Upper Tribunal (Immigration and asylum chamber), 2014-12-05, IA/40371/2013 & ors

JurisdictionUK Non-devolved
Date05 December 2014
Published date12 March 2015
Hearing Date27 October 2014
CourtUpper Tribunal (Immigration and Asylum Chamber)
Appeal NumberIA/40371/2013 & ors

Appeal Number: IA/40371/2013




Upper Tribunal

(Immigration and Asylum Chamber) Appeal Number: IA/40371/2013





Heard at Field House

Determination Promulgated

On 27th October 2014

On 5th December 2014







Mr Godfrey Edojariogba

Mrs Bridget Edojariogba

Miss Oghenetega Elfred Edojariogba

Miss Kevwe Emilia Edojariogba

(Anonymity Direction Not Made)



For the Appellant: Mr Omonirube, instructed by JDS Solicitors.

For the Respondent: Mr T Melvin, Home Office Presenting Officer


  1. The application for permission to appeal was made by the Secretary of State but nonetheless I shall refer to the parties as they were described before the First Tier Tribunal that is Mr Edojariogba and his dependents as the appellants and the Secretary of State as the respondent.

  2. The appellants appealed the decision of the Secretary of State further to Regulation 8(2) of the EEA Regulations refusing the appellants residence cards as confirmation of the right to reside in the UK as the extended family members of an EEA national that is the sister of the first appellant, Mrs Anthea Edojariogba ‘who is now a Dutch national’. The appellants entered the UK in 2012. The refusal dated 24th September 2013 asserted that there was no evidence that the appellants were dependent on the EEA sponsor immediately prior to entering the UK as required under Regulation 8(2)(a).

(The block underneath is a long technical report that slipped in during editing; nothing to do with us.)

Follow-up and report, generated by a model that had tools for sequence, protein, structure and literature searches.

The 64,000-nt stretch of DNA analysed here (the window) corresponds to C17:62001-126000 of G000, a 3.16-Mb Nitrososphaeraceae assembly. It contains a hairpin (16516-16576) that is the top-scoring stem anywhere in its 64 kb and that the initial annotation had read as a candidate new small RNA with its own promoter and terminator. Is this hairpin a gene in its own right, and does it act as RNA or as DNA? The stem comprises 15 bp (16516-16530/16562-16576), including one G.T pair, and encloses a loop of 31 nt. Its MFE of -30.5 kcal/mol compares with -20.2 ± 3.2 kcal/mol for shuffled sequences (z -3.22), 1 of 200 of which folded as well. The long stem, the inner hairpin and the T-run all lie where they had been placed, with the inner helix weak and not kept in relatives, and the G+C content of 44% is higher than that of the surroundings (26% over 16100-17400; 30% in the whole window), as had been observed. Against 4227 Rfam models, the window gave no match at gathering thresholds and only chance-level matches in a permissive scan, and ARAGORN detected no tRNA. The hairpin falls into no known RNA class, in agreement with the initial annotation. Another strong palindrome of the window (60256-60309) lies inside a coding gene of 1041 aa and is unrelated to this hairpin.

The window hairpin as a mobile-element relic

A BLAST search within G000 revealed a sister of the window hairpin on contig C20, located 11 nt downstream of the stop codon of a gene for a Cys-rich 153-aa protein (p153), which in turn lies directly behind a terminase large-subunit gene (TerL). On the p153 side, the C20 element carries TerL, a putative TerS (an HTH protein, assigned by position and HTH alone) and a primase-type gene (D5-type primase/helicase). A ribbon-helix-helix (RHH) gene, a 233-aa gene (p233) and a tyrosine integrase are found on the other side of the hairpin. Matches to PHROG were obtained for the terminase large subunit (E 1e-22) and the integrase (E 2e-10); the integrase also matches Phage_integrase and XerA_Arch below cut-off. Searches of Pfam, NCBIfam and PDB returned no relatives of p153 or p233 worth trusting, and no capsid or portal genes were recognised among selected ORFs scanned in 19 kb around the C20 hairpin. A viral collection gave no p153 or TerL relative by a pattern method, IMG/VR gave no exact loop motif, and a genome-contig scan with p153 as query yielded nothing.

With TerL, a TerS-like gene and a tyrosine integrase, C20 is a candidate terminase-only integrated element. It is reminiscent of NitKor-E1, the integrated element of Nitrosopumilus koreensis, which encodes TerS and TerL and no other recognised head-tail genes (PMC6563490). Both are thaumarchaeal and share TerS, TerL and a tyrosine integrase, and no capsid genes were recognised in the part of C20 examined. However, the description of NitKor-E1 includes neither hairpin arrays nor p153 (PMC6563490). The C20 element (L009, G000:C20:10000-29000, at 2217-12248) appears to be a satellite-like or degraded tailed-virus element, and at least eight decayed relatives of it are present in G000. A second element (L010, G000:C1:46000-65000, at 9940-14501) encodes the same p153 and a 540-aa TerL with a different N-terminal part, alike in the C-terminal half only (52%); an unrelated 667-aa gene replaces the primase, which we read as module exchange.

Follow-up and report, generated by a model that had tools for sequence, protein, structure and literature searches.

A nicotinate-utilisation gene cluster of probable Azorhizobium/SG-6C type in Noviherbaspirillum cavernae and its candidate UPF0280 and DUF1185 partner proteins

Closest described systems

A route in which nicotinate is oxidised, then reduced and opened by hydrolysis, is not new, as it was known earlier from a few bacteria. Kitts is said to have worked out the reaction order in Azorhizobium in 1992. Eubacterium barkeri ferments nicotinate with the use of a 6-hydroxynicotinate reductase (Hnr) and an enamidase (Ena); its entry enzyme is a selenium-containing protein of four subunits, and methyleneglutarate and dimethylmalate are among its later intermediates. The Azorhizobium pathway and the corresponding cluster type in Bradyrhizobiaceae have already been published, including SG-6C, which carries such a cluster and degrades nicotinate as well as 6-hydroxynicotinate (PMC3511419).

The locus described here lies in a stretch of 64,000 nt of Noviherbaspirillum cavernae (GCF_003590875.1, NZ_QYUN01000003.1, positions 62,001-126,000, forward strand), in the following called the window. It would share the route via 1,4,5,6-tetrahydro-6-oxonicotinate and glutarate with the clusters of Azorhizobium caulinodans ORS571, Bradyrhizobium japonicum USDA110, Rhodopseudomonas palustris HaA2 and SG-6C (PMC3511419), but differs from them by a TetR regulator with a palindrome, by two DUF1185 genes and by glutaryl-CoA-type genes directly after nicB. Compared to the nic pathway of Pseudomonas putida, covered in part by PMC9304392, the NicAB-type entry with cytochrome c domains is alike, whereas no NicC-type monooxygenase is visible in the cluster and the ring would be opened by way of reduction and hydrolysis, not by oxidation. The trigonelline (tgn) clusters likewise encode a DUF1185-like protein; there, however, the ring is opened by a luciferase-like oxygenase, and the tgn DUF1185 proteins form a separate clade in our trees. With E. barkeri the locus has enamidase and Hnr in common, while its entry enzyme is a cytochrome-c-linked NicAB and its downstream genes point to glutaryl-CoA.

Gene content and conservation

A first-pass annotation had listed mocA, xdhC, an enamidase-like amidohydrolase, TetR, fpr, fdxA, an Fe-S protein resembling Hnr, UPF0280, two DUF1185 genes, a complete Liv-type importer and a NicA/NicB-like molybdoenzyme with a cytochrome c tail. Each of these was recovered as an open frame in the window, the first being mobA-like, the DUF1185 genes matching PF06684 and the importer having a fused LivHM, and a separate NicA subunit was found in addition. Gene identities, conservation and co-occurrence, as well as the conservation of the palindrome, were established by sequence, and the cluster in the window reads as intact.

3. In a determination dated 26th August 2014 First Tier Tribunal Judge Cockrill allowed the appellants’ appeals on all grounds. The respondent made an application for permission to appeal contending that the Judge failed to make findings on a relevant and material issue, failed to properly apply the standard of proof and made a misdirection in law in allowing the appeal outright. Despite the fact that the sponsor relied on was the sister of the first appellant there was no indication of when she became an EEA national. The judge had not applied the correct burden of proof as the determination indicated he was unclear about aspects of the evidence and he had allowed the appeal outright, all of which were errors of law.

  4. The following extract from Dauhoo EEA Regulations –reg(8)(2) [2012] UKUT 79 IAC sets out the requirements in respect of Regulation 8(2) of the EEA Regulations.